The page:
But a group of men kept dreaming, quietly. They hoped for more Singaporean athletes competing at the Olympics. As Singapore’s sporting success stories slowly, and mind you, it was glacial, increased, from South-east Asian to Asian, they began to let their imagination run a little wild. Could another Singaporean repeat Tan’s feat? In 2006, these men, led by International Olympic Committee (IOC) member Ng Ser Miang, took a bold step never attempted by Singapore before. They decided to fund, support and energise Singapore sports’ attempt to win an Olympic medal. They called their experiment Project 0812 – a push for Singapore to score a medal at either the 2008 Beijing Olympics or the 2012 London Olympics or, better yet, both.
This book details the scheme, which is initiated by the Singapore National Olympic Council (SNOC) and supported by the Ministry of Community Development, Youth and Sports (MCYS), the Singapore Sports Council (SSC) and the various national sports associations (NSAs). The project “remains a rare initiative of such magnitude in Singapore sport where all partners involved united, took the genesis of an idea and turned it into reality”, said SNOC President Tan Chuan-Jin in an event by the Singapore Table Tennis Association (STTA) in 2016.
To capture the story of Project 0812, the book is divided into three sections. In the first, it details the genesis of the scheme which Mr Tan spoke of, delving into the barren years post 1960 and how Project 0812 was first conceived. The second section of the book looks at the four sports chosen by Project 0812 – table tennis, badminton, sailing and shooting – and how they overcame challenges to reach Beijing 2008. The third section focuses on the Singapore table tennis team, the stars of Project 0812. It digs deep into the struggles which bedevilled the team in the lead-up to Beijing, the drama on the way to winning a silver and the equally colourful aftermath, all the way until the London 2012 Olympics. In the epilogue, swimmer Joseph Schooling and his parents shared how their journey to the Rio Olympics had a major fillip during the Beijing Games, adding the latest pages to the legacy of Project 0812.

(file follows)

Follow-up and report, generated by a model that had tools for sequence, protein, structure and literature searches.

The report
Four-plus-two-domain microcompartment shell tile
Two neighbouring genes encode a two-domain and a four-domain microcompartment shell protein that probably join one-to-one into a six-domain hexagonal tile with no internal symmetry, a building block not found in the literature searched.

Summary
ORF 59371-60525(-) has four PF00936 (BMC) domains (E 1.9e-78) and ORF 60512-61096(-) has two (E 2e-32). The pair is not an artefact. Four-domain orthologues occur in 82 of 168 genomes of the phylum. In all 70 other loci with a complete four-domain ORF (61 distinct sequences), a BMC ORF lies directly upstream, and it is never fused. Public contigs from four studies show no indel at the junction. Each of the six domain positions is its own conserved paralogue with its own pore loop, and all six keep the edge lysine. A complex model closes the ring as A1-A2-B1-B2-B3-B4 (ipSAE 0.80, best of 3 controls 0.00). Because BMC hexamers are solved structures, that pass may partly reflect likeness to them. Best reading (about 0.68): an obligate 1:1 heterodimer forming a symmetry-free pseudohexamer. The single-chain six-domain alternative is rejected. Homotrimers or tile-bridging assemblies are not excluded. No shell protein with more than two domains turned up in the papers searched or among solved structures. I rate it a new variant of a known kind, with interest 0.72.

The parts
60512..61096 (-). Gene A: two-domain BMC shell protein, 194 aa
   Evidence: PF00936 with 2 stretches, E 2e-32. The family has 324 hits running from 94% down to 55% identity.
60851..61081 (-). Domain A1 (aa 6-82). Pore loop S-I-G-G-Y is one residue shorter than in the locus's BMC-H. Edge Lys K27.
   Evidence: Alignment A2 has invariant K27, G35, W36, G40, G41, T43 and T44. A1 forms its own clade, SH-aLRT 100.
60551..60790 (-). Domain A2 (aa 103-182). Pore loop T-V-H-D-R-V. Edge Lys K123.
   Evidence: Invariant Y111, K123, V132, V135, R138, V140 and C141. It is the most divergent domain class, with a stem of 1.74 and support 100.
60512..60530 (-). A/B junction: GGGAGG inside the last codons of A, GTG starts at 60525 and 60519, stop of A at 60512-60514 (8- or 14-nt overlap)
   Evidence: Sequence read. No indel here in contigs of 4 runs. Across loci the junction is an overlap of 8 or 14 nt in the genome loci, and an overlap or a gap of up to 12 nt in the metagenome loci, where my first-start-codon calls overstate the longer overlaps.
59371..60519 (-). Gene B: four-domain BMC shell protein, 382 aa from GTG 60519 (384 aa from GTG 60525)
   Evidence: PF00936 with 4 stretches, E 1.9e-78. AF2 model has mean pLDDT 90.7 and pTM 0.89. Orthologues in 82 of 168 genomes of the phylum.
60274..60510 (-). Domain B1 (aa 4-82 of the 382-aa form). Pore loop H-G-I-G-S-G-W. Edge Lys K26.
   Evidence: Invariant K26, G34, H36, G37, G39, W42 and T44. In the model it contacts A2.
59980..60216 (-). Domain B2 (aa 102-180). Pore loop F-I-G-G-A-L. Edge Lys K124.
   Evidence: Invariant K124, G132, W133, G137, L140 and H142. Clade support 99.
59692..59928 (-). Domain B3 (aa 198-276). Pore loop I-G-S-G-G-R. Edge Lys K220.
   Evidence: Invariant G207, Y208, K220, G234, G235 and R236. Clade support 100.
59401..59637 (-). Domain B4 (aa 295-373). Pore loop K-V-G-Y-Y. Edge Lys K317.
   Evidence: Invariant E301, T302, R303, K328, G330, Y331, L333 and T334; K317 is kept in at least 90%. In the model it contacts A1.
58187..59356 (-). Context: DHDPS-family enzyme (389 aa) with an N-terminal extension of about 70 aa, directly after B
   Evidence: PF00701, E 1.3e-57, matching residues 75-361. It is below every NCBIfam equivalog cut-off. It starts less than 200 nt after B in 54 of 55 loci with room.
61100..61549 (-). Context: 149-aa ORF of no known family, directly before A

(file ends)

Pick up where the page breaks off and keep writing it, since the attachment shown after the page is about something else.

The book was written through more than 30 interviews with officials, coaches, parents and athletes. Unless otherwise indicated, all quotes in this book are from these interviews. Most of those approached have obliged with face-to-face interviews. For those who declined, I have attempted to capture their voices by citing previously reported comments made by them. I have also referred to books, newspapers and magazines in my research, as well as monthly reports submitted by the NSAs, minutes of meetings and internal documents of SNOC. Project 0812 was not completely smooth sailing. As with most things groundbreaking and monumental, it had its dissenters and disagreements. Not every one agreed with the direction, pace and style. But critically, the various partners were able to set aside their disagreements to make the project work. Instead of glossing over the differences, I have tried to capture and reflect the differing views objectively.
In this way, the book can hopefully provide a blueprint of sorts for the progress of sports in Singapore. Project 0812 was built on decades of hard work. As Mr Ng said: “The build up to Beijing 2008 was not a one- or two-year effort. It was a period of 20 years or even more.” It also involved many little-known officials, who were content to stay in the background. Hear it from swimmer Tao Li. “A performance goes beyond just the athlete,” she said. “It involves everything around the athlete. Without Project 0812, I wouldn't have been able to achieve what I did.” More importantly, it involved courage. For decades, said Project 0812 working committee chairman Tan Eng Liang, “we dared not dream” of an Olympic medal. But eventually, they did. This is the story of a bunch of men and women who turned a dream into reality.